Luthiers often classify basswood as a good tonewood to tool with due to its soft nature. It's more abundant than its other tonewood siblings hence its lower price tag. The uninformed always attribute abundance & the lack of material toughness as 'bad'; just because it doesn't comply to certain expectations doesn't mean it's dud. Fundamentally, basswood gives off a muscular midrange response but we often hear a lack of pronounced manifestation from a particular frequency hence making it one of the most neutral wood to propel guitar acoustics.

In this light, basswood is perhaps the best working material to propel your favourite/ boutique pickups' tones with minimal resonance colouring. However, the situation today is still one of basswood disapproval because it's not used in high-end guitars so it must be bad.

To date, Suhr guitars, one of the most respectable names in grand guitar craftsmanship, cites basswood as a splendid tonewood. Guitar wizards such as Joe Satriani, John Petrucci & Paul Gilbert, among others, chose basswood for their signature guitars- they must be dumb to do so, yes? Something for us to reflect upon...

Thursday, October 23, 2008

The first (Part 3)

The first person I saw handling a Telecaster was Bruce Springsteen. He's clearly not my type of guitar player; merely supplementing his songs with some strumming/ melody lines, that's about it. Of course, I don't expect a shred-type performance from Mr. Bruce because he's not that kinda player which is pretty clear.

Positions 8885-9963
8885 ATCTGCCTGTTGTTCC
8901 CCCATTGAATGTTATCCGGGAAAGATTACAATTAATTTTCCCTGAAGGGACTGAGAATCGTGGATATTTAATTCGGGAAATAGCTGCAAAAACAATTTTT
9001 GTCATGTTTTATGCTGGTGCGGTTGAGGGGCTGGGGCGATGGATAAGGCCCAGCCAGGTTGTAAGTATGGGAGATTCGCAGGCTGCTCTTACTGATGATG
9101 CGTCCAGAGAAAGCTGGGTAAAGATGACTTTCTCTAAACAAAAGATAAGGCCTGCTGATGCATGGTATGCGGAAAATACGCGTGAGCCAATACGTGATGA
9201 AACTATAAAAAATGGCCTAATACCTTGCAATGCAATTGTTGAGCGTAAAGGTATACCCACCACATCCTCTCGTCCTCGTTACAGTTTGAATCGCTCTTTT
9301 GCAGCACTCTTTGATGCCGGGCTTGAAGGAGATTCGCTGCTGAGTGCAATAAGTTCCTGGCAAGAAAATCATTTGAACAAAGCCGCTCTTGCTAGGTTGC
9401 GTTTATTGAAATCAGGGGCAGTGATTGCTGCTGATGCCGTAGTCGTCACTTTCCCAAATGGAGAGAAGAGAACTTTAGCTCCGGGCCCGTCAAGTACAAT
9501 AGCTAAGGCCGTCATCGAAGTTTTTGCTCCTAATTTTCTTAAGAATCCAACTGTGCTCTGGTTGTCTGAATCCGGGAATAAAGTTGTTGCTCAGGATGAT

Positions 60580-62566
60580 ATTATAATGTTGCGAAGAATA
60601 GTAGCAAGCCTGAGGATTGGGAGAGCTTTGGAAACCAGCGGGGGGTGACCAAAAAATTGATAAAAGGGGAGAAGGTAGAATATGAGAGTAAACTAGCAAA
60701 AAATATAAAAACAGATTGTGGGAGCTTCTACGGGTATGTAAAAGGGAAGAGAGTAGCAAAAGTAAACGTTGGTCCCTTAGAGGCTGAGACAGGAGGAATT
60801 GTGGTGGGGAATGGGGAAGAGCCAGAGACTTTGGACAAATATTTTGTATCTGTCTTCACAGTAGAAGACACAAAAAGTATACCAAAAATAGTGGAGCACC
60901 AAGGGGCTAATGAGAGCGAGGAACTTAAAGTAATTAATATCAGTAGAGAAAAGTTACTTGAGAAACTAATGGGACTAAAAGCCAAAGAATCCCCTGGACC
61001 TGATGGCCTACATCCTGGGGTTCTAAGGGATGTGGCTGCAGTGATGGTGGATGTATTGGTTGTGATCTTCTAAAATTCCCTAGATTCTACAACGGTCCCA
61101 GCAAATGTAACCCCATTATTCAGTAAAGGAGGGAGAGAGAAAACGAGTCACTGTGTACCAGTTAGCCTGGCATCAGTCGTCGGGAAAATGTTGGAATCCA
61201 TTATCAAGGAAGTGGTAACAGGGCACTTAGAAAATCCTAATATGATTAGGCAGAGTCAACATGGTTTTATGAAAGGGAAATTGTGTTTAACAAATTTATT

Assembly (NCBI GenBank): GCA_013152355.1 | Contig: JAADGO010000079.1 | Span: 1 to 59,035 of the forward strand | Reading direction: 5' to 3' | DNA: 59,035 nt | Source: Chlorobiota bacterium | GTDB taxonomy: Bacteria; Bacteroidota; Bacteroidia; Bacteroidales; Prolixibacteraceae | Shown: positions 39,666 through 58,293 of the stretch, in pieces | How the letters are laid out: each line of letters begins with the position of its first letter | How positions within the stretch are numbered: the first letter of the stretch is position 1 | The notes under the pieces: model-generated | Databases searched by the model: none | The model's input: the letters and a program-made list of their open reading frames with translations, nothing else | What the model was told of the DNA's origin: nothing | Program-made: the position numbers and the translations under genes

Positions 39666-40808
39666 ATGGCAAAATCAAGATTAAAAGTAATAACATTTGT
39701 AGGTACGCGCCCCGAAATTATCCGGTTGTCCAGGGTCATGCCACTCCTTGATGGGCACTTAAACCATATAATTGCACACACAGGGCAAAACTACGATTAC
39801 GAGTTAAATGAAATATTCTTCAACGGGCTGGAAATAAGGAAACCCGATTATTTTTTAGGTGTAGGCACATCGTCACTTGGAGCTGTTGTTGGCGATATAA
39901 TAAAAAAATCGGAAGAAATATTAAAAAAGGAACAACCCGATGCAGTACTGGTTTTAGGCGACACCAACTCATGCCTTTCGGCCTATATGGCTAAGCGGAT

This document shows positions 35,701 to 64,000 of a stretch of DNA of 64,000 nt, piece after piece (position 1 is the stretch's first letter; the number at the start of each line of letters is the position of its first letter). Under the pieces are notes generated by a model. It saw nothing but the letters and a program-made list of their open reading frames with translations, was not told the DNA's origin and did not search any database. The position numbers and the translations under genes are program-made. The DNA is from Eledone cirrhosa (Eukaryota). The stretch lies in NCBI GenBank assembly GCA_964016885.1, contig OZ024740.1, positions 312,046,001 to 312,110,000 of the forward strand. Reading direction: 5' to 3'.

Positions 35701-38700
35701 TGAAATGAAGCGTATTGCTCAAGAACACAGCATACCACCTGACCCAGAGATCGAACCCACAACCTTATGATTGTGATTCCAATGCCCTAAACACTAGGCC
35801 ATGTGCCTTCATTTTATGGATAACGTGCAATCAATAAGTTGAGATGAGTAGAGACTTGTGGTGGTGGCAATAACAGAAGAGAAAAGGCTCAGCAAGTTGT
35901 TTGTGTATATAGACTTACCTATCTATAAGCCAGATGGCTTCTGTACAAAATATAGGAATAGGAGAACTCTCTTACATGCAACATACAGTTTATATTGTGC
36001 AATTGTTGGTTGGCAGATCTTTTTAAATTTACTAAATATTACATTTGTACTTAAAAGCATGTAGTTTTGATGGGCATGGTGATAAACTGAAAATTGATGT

The brass experience...

The default Highway1 Telecaster string saddles aren't bad, I just want to try some brass units & do away with those action adjustment screws which are too protrusive for the good of anyone's picking hand.

So they made way for a brass set (GOTOH) & the added zing is bliss- not recommended for dweebs who can't handle bright top end responses. I don't mind added clarity, I can effectively tame them down via EQ but having a muddy tone to start with & trying to inject some sizzle in the mix is unnecessary labour & quite ineffective too.

Do note:
  • the Gotoh saddle length are naroower so they don't come into contact with each other as this can induce buzzing at this end if your instrument (& sometimes you wonder where that darn buzzing's from...)
  • the action adjustment screws are much shorter, they don't stab your picking hand palm

Wednesday, October 22, 2008

Now, diabolical ESP!

The inevitable has happened- Satyr (Satyricon) has parted ways with Ibanez & joined the ESP camp:
  • I knew something of this nature would take place because the Ibanez SZ series had been discont'd (he played the SZ in the studio)
  • The studio clips of The Age of Nero recording sessions saw Satyr playing ESP

Randall: Ninja combo

For many of us, owning an amp which is beyond 30W is strictly a NO, due to volume concerns. Well, I played the Ninja V2XNM 1x12 combo recently & I'm very impressed with the performance in relation to tones.

This amp is a budget version of Mike Amott's Ninja stack. The first thing to note here is Randall's wise decision in equipping the combo with a superb driver- Celestion's Rocket 50. As such, the cleans are definitely above average.

Drive-wise, if you are looking for one of the best default distortion/ drive because you wish to remain pedal-free, this is perhaps one of the most gratifying solidstate tone for the money. The dual EQ feature here is indeed the key component of what makes this amp good to the ears. The amp has a boost feature for that much needed saturation for us distortion overdose dweebs. However, I personally feel some reverb would propel this amp into greatness. Highly recommended. (Absolutely love the price!)

  • Product: Randall V2XM (30W, 1x12") combo
  • Availability: Davis GMC
  • Price: $215.00 (NETT)

Tuesday, October 21, 2008

The Haunted: Versus